The Hingham Historical Society is hoping to raise enough money to transform the landscape in front of its headquarters at Old Derby Academy and make the building more accessible to pedestrians.
Currently, a retaining wall in front of the yellow building leaves the elevated house out of sight to passersby on Main Street, and access is restricted to a steep driveway that runs up the side of the building.
The building initially had stairs on the property that were 10 feet wide; however, that access was buried in the 1980s.
Rather than unearthing the original steps, the society hopes to build a new set of stairs, ones that will echo the symmetry innate in the architecture of the building it leads to.
Although there are no definite plans, the hope is to separate that retaining wall with a symmetrical, grand, double staircase that would meet in the middle and head up at one point to the building.
“Currently people just walk by the building and the steep wall and embankment, people don’t see it. But a staircase out front would bring the visual flow of the building down to street level where people would be more likely to notice it,” said Suzanne Buchanan, executive director for the Historical Society.
Buchanan said the society isn’t yet sure of the cost of the project or a projected timeline, but said it would definitely cost less than $1 million and the money would be raised.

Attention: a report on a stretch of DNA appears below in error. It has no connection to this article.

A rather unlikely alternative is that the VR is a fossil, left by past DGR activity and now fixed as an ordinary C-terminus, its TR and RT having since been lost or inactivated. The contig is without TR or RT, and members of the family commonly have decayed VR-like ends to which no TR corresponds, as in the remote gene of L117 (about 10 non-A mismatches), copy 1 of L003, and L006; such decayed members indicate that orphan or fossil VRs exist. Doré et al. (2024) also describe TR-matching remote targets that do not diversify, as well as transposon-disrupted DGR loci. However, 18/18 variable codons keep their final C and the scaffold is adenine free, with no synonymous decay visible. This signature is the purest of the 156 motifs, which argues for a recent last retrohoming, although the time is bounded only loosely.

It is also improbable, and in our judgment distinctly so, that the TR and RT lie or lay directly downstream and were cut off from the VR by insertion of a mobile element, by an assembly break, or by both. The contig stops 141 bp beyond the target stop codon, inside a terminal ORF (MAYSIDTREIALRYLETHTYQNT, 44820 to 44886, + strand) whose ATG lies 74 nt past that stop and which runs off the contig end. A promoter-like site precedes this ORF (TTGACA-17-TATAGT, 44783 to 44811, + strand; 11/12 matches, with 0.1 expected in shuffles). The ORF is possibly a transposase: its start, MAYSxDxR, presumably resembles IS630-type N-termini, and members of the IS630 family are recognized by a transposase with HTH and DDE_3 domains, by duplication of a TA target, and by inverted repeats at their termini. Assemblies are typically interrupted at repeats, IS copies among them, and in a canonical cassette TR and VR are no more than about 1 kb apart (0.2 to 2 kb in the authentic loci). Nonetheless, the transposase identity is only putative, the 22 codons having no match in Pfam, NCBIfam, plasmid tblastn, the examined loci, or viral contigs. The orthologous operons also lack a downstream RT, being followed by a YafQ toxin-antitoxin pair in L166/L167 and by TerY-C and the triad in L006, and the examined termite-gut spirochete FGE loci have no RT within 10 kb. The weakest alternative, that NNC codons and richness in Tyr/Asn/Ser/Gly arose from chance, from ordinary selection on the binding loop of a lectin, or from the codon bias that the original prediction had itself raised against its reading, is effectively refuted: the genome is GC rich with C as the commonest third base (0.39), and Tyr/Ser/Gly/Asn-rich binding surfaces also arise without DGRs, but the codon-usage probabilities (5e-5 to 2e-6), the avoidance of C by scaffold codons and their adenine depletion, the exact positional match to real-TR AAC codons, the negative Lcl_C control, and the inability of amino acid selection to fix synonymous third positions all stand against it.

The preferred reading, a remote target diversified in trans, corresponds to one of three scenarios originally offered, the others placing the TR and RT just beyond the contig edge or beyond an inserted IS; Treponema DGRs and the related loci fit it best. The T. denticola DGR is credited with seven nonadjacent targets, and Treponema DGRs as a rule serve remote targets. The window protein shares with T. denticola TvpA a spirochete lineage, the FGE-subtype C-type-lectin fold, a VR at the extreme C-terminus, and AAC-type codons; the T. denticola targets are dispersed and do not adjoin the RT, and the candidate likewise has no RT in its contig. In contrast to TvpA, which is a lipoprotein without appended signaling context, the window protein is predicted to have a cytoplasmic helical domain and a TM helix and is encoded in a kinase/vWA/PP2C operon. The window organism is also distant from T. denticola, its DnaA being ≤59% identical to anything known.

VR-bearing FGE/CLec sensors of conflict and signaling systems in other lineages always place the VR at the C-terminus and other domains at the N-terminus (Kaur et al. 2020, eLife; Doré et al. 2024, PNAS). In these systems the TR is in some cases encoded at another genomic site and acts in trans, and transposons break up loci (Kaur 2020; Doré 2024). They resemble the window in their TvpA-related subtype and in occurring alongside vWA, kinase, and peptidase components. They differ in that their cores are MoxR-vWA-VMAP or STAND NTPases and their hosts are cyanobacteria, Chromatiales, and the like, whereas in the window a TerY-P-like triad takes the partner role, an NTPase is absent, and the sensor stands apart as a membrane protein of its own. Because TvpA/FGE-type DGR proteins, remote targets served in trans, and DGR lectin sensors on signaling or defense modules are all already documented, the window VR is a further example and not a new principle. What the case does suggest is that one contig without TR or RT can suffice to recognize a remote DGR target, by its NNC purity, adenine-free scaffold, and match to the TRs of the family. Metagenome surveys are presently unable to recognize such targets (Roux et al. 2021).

Although the construction would need the necessary building permits, the historical society already has permission from the Historic Districts Commission.
Because the property is within the Lincoln National Historic District and is on the State Registry of Historic Properties, the certificate of appropriateness was a necessary first step, Buchanan said.
Overall, the project is just beginning, but already hopes are high.
“Rather than the scruffy embankment we have now, we want something more visually inviting than what we have, and also safer and more inviting civicly. The current [access] we have now is treacherous to walk up that steep hill, and we’ve joked about putting in a chair lift, it’s so difficult. But if we have some nice, safe stairs it will be nicer for people of all ages,” Buchanan said.
There were no complaints or concerns about the project brought up at the meeting, Buchanan said.